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Culinary contributions from Latin America

Zubin Dsouza


I am always in a tizzy when it comes to using the appropriate reference term to the countries that lie further south from continental North America and Mexico. South America is a rather bland description for a group of countries that are full of excitement, culture and colour and the term Latin America although replete with an air of romanticism, has the dark bodings of a time when enslavement and the absolute eradication of an amazing culture took place.

To be fair, the terms may be interchangeable and as far as common parlance goes, one could easily replace the other. What is however irreplaceable is the amazing food traditions that the cultures located here have provided us with.

To be fair, almost each culture or at least each country deserves a culinary note for their own personal achievements.

There are so many fruits and vegetables that we take for granted in the world today. There are chefs who talk about doing the ‘farm to table’ concept and still others toss around heavier terms that involve local produce, glocal, native, etc.

What we forget to take into consideration is that the many products we use today have come to us courtesy of one of the greatest civilisations that ever lived on our blue planet.

Although corn would probably be the first ingredient that one would associate with the Americas, their greatest export has probably been potatoes!

It has been potatoes that travelled the world, provided sustenance to the poor and became an important staple. It was first cultivated by the Incas from Chile, Peru and Bolivia who converted it to flour called chuno.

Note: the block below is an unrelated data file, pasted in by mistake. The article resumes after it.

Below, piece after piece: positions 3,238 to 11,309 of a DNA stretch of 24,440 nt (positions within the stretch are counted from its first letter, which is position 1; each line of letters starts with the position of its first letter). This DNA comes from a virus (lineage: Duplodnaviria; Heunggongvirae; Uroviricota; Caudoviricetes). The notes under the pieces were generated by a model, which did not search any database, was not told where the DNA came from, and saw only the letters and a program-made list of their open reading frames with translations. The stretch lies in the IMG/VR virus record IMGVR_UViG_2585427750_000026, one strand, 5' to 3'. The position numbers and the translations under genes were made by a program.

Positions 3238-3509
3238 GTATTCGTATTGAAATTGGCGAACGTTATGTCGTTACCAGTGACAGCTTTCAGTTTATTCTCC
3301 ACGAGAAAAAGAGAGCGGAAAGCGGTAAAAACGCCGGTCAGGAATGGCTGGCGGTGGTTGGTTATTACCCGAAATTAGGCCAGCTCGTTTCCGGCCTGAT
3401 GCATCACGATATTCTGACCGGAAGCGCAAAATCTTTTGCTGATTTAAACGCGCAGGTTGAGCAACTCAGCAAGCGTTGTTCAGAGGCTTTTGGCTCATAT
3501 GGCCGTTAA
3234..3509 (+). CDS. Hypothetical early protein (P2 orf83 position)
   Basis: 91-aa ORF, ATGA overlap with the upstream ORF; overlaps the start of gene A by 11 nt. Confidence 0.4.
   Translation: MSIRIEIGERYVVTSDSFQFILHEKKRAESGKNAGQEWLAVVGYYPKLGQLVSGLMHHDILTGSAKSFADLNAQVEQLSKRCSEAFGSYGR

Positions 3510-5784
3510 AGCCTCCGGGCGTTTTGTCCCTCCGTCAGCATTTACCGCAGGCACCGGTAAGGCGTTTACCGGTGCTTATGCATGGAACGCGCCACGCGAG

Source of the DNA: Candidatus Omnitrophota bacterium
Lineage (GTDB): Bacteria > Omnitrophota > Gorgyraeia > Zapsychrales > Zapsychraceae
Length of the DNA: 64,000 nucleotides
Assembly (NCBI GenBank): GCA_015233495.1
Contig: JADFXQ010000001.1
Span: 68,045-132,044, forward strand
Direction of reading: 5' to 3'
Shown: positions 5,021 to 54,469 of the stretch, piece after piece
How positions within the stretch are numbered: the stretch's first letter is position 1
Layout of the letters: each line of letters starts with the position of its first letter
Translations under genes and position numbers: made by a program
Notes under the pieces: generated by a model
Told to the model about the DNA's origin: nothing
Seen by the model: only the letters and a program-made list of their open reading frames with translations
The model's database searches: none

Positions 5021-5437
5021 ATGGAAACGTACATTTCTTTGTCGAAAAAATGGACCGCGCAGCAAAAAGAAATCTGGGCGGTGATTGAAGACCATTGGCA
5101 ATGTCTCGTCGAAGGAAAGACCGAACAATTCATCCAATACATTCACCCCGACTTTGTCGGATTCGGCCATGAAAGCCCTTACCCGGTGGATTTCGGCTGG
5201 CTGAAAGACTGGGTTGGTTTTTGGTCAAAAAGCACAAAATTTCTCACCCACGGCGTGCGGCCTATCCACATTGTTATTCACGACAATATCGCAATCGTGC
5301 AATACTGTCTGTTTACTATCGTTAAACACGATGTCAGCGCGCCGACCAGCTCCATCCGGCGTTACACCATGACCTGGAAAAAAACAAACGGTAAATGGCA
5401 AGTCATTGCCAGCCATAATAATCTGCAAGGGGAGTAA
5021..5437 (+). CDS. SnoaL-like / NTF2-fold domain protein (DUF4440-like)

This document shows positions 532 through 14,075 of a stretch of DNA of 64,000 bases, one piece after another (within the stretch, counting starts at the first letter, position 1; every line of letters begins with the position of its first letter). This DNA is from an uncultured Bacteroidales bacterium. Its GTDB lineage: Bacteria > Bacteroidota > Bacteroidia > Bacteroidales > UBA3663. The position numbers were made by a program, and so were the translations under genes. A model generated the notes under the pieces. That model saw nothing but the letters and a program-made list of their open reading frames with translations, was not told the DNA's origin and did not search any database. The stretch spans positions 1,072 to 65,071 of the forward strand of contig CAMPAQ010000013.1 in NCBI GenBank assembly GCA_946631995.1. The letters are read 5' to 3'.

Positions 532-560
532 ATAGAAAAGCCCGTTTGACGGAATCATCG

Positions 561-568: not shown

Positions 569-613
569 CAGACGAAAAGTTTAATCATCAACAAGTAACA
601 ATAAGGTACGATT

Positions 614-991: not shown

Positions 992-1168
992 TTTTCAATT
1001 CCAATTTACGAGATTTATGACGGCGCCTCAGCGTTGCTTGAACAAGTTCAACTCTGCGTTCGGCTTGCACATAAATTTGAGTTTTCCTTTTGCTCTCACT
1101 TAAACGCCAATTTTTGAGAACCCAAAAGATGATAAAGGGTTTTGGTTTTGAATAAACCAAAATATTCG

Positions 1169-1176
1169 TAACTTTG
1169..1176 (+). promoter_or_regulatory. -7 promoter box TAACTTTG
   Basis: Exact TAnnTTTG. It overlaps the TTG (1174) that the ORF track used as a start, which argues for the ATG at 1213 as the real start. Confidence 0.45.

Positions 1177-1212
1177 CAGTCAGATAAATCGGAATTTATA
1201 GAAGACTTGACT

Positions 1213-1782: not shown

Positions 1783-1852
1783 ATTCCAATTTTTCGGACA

Of course corn is not far behind. Along with sharing this wonderful crop with the world, they also sent instructions on how to grind or mill it along with a few recipes that we use to this day.

And while we are still on the subject of widely used farm produce, did you know that tomatoes came from Latin America too? The seeds were carried to Europe by Spanish priests. Initially, the Europeans were afraid to eat tomatoes because of the bright red colour and thought them to be poisonous. A couple of centuries later and you cannot really imagine Italian and Mediterranean food without tomatoes.

I think the greatest agricultural achievement has to be the spread of chocolate production. No wonder they were referred to as ‘theobroma’ or food of the gods.

The cacao plants were an important part of traditional ceremonies. They were highly prized and revered by the natives and used as currency for a while. The consumption of cocoa was generally reserved for royalty and nobility.

And by sharing vanilla beans with the world as well, Latin American farmers managed a culinary coup of sorts by cornering almost the entire dessert market. I mean, when you think of desserts and pastries, I am sure that you cannot get too far without coming across either one of these products.

Chillies have been an important part of Indian, Mexican, African and Chinese cuisines. They are available in various strains and each one comes with its own taste nuances. We would never have had this fruit and capsicum which is a close cousin if it wasn’t for the ingenuity of the American Indians. You could kiss your curries and Sichuan style spicy Chinese food goodbye if these exports hadn’t taken place at the right time.

The discovery of this amazingly diverse continent yielded a culinary bonanza for the world. The initial explorers found peanuts (that were originally grown to feed to the pigs) and pineapple; sunflowers that were harvested for their seeds and oil, wild rice, avocadoes, pumpkin and squash. The land was abundant in beans, manioc which was also called tapioca and cashew.

Imagine how empty your plate would have looked had it not been for the wealth of wonderful food that has poured in from here.

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